You don't have to be part of the turban-and-sandals crowd to appreciate the vegetarian option. Even carnivores like myself can recognize the quality of the grilled portabella mushroom perched on a nest of couscous, enhanced by roasted tomatoes, Swiss chard and fresh (not canned) artichoke hearts, and drizzled with basil and tomato oils.
Unless you've gorged on bread and pesto, it's unlikely you'll be loosening any belt notches at this point. T. Cook's portions are civilized. And restraint is eventually rewarded--now you can indulge in dessert.
And indulge is exactly what you'll do with the over-the-top "collage de chocolate" sampler for two. It's staggering, both to look at and to eat: chocolate tart topped with chocolate sorbet; a breathtaking "pate" with strips of white chocolate, dark chocolate and milk chocolate hazelnut; chocolate fudge frosted with white chocolate ganache; and chocolate sponge cake. If you're not up for that kind of excitement, the berry-strewn caramelized lemon tarte and rich peach streusel cobbler topped with ice cream make first-rate alternatives.
Whoever trained T. Cook's assured staff should also take a bow. The place is smoothly run. And everyone here--hostesses, busboys, waiters and manager--is keen on treating customers well. Gee, what a novel concept.
The ValIey's big-time resort-restaurant league is no place for weaklings. But T. Cook's can dish it out with anyone.
Griff's, Scottsdale Hilton, 6333 North Scottsdale Road, Scottsdale, 948-7750. Hours: Lunch, 11 a.m. to 2:30 p.m.; Dinner, 5 to 9 p.m., seven days a week.
In contrast to T. Cook's, Griff's is hopelessly minor league. The Scottsdale Hilton resort, where it's housed, is owned by Merv Griffin, the former big-band singer and talk-show host turned entertainment mogul. He's the genius behind such television blockbusters as Jeopardy! and Wheel of Fortune.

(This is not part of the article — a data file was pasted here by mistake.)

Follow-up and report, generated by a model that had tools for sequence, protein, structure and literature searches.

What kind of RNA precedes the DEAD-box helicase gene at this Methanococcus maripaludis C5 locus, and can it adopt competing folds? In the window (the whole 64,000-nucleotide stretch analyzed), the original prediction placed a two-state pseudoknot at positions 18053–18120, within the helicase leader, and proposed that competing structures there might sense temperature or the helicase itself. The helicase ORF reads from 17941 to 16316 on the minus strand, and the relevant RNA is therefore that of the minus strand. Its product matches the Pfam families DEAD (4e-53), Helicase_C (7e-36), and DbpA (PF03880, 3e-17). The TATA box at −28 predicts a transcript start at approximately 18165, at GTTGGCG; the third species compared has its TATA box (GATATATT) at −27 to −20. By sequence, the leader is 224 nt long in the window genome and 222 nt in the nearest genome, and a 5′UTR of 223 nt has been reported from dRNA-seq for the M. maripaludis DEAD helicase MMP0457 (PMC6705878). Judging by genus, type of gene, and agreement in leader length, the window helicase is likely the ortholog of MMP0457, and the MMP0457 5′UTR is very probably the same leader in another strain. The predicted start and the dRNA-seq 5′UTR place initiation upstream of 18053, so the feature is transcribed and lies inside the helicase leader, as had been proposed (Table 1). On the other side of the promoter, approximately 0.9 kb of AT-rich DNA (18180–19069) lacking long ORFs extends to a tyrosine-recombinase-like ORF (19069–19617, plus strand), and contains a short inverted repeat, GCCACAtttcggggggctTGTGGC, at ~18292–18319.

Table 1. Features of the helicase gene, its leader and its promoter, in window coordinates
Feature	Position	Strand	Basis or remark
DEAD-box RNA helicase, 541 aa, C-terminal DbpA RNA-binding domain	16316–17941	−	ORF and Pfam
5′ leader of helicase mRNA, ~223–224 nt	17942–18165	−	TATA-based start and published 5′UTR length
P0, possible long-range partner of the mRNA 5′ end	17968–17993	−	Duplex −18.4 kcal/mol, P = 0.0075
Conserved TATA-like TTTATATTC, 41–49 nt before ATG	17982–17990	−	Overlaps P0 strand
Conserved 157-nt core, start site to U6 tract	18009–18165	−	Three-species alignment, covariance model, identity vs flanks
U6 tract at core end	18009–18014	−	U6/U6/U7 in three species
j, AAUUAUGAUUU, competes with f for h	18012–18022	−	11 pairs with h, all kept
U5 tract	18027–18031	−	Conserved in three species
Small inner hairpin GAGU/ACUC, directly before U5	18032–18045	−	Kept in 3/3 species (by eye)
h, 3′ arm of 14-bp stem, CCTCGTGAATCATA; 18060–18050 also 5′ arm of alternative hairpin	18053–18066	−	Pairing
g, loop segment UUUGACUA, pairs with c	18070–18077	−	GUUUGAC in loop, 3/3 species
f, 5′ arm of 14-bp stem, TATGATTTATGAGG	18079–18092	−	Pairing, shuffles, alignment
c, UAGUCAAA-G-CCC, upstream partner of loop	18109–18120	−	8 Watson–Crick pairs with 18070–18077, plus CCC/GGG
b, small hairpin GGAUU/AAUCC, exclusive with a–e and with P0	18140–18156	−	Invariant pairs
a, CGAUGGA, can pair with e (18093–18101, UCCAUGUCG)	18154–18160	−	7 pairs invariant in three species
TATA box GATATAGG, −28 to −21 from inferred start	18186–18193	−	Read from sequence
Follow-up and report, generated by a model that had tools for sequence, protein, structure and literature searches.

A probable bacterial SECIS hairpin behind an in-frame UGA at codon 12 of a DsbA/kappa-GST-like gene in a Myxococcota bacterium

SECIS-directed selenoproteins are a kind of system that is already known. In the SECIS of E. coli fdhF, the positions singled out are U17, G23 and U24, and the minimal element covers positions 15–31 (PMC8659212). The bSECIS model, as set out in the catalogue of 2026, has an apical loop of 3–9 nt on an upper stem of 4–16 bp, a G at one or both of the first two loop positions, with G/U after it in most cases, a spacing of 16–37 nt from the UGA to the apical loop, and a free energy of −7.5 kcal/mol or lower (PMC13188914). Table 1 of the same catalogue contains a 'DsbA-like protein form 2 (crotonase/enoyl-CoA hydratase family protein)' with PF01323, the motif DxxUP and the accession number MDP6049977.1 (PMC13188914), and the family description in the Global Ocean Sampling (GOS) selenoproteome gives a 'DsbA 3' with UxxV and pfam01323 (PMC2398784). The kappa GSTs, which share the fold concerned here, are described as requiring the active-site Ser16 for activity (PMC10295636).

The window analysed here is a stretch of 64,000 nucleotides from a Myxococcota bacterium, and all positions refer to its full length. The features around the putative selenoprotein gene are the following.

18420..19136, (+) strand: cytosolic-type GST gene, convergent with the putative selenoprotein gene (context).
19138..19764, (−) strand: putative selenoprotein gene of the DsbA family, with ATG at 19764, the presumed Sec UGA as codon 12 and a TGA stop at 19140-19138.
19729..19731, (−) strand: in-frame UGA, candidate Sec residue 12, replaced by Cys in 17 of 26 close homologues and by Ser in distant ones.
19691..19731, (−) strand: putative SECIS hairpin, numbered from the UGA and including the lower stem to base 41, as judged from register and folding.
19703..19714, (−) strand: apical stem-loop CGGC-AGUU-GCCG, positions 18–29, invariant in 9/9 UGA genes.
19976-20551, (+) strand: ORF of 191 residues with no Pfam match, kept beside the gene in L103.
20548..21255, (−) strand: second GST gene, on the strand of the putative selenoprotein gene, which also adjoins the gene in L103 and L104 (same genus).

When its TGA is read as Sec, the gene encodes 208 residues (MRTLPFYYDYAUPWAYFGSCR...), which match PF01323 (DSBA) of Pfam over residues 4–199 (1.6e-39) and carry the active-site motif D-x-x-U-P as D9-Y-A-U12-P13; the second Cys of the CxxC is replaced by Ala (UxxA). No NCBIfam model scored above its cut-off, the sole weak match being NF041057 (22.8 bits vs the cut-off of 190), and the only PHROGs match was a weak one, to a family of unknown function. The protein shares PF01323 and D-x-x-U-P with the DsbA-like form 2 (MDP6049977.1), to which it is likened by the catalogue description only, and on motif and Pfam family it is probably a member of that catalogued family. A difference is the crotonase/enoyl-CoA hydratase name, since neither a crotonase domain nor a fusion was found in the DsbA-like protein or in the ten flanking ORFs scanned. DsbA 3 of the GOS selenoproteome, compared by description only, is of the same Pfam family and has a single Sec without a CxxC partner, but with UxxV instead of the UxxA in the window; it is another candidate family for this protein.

In recent years, Griffin has become a hotelier. Several months ago, he tried turning around this resort's dining room (which he renamed after himself).
Forget it. If Griff's were a television show, it would be canceled. This place is strictly for comatose guests too debilitated to leave the property.
The room looks forlorn, with all the bland, plastic energy of a chain family restaurant. The principal decor motif is Merv himself. There's a photo of Merv with Bing and Bob. There's Merv with Ron and Nancy. There he is with Zsa Zsa, Elvis and Charo. Angie Dickinson, Judy Garland and Burt Reynolds are also great pals.
Maybe Merv should have hung around fewer celebrities and more chefs. Griff's would have been the better for it.
The fare here isn't terrible. It's just utterly, totally and completely forgettable. The kitchen goes through the motions preparing it; I went through the motions eating it.
Start with the breadbasket. On one visit we got inedibly spongy focaccia; on another, out-of-the-bag dinner rolls.
Appetizers are astonishingly hackneyed. Potato skins? Jalapeno poppers? Buffalo wings? Onion rings? Is this a resort restaurant or a sports bar? What's worse is that they're not particularly good. And this kitchen couldn't even get them out hot.
One evening's soup special, a cream of sweet potato, was so oddly sweet it tasted like melted sweet potato pie. The only decent pre-entree nibble is the quesadilla, cooked up fresh and stuffed with smoked chicken, wild mushrooms, cheese and chile, paired with a perky green sauce.
The best thing here? It's the dinner salad that comes with all entrees, put together with a mix of fresh greens, radicchio and endive. So why didn't anything else show a hint of flair?
The entrees are barely a step above banquet-level quality. Grilled salmon is a real snoozer, brushed with the world's mildest honey mustard glaze and somnambulently paired with an institutional rice pilaf and steamed veggies. I feel myself nodding off just thinking about it.
Seafood pasta is just as tepid, a yawn-inducing pile of linguini, topped with a few undistinguished shrimp and scallops and coated with an underseasoned marinara sauce. This platter had no zest, no punch, no life.
The ribs/chicken combo is another harmless option. It comes with out-of-the-freezer-bag fries and out-of-the-warehouse-tub coleslaw. And don't look for great things from the eight-ounce filet mignon. It's coated with what's billed as a "mop'in" sauce. But it's just a thin, vinegary liquid that does nothing for the beef.
Desserts are dullsville. The cheesecake was dry, and the texture was off. Apple pie could have come from the employee cafeteria.
Amateur-hour service--drinks neglected, salads forgotten, glacial pacing--doesn't make this place any more appealing. Griff's: It's down the end of lonely street, in heartbreak hotel.
Parma-wrapped sea bass
Collage de chocolate